by Jess Cowle
As of January 1, 2020, the California Consumer Privacy Act (CCPA) will go into effect for all businesses that have clients based in California. CCPA was created to protect the privacy and data of consumers. The CCPA initiative is intended to “give Californians the ‘who, what, where, and when’ of how businesses handle consumers’ personal information.”
According to a recent survey, only 8% of businesses are prepared, while 56% of U.S. businesses will not be prepared by the January 1st deadline.
Obstacles to CCPA
Why are so few companies prepared? The study found that the lack of time/bandwidth and complexity of the law are the biggest obstacles to CCPA compliance.
Many companies have even extended their compliance deadline to July 1, 2020. 37% of the companies asked said they expect to be compliant after the new year and hopefully before July 2020. 9% of the companies did not have a timeline for compliance.
You Could Be Fined
Penalties will cap at $7,500 per violation. Your company could get charged $2,500 for each unintentional violation under Section 17206 of the California Business and Professions Code. The CCPA allows individuals to recover between $100 and $750 per such incident or more if the actual damages exceed $750.
What Do You Need To Do to Comply?
Follow these steps from Morgan Lewis to make sure you’re compliant before the new year.
- Determine whether the CCPA applies to your business and what data elements are collected from California consumers and for what purposes they are used.
- Consider how consumers’ personal information should be organized.
- Create a process and identify individuals responsible for preserving copies of “specific pieces of personal information that the business has collected about [each] consumer” and promptly responding to consumers’ requests for access.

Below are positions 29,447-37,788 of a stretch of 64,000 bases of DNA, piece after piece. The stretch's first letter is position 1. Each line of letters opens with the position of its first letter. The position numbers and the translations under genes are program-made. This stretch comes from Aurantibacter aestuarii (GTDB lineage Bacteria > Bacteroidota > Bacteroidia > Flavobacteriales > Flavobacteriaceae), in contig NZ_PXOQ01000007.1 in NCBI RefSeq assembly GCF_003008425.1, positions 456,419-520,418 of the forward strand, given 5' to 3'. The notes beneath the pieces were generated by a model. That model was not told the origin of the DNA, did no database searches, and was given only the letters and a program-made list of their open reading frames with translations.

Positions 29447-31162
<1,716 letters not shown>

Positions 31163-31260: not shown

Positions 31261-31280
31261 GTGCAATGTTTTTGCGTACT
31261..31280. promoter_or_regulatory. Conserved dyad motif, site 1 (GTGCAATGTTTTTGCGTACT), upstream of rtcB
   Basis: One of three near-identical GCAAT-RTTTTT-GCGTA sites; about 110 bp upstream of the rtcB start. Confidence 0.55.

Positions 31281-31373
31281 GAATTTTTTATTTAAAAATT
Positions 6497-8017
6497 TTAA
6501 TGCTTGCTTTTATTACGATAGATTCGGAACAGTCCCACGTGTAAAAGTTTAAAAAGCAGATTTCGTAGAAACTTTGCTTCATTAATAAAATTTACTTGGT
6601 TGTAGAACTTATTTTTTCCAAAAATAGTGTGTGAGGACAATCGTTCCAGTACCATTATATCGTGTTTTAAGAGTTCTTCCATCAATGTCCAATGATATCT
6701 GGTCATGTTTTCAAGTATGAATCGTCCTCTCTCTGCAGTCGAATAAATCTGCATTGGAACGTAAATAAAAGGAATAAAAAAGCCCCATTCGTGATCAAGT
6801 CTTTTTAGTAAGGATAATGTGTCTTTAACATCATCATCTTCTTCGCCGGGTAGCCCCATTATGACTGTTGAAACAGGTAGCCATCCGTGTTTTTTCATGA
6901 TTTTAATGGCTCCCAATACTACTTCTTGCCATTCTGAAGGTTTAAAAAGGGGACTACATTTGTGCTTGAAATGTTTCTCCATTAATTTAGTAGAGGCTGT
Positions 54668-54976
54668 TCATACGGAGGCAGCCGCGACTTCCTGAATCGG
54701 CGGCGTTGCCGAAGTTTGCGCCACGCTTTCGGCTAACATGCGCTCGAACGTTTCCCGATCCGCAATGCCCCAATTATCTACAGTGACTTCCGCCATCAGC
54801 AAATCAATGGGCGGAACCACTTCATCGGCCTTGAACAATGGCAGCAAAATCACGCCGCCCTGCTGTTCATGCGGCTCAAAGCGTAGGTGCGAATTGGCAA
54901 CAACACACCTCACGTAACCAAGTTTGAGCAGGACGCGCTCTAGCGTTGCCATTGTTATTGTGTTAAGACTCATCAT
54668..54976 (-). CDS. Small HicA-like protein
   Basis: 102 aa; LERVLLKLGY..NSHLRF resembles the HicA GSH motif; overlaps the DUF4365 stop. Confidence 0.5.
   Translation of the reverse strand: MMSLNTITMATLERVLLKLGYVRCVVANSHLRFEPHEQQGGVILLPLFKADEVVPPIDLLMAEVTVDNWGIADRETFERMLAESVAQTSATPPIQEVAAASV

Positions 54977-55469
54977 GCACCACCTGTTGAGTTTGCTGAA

- Create a documented process (including, but not limited to, a toll-free number and website address) and identify individuals responsible for responding to “verifiable consumer requests” with individualized disclosures about the business’s collection, sale, or disclosure of the personal information belonging to the specific consumer making the request.
- Create policies that reconcile CCPA’s requirement to delete data upon request with the need to preserve evidence in litigation and avoid sanctions for spoliation of evidence.
- Create a process and identify individuals responsible for deleting consumer data in response to such a request.
- Provide minors with a “right to opt in.”
- Provide training for employees on CCPA’s prescribed consumer rights.
- Review existing agreements with third parties or service providers to ensure that contracts limit the service provider’s use of personal information as strictly as CCPA prescribes, and revise as needed.
- Provide consumers the right to equal service and price.
- Create and maintain a robust incident response plan.
For more detailed information about how to comply with CCPA, we recommend the following resources:
- The official Californians for Consumer Privacy website
- Your Readiness Roadmap for the CCPA (PwC)
- California Privacy Law, Third Edition
Need help with CCPA compliance on AWS or Azure? Logicworks’ team of engineers can help you build, automate, and monitor your cloud for compliance. Contact us to learn more.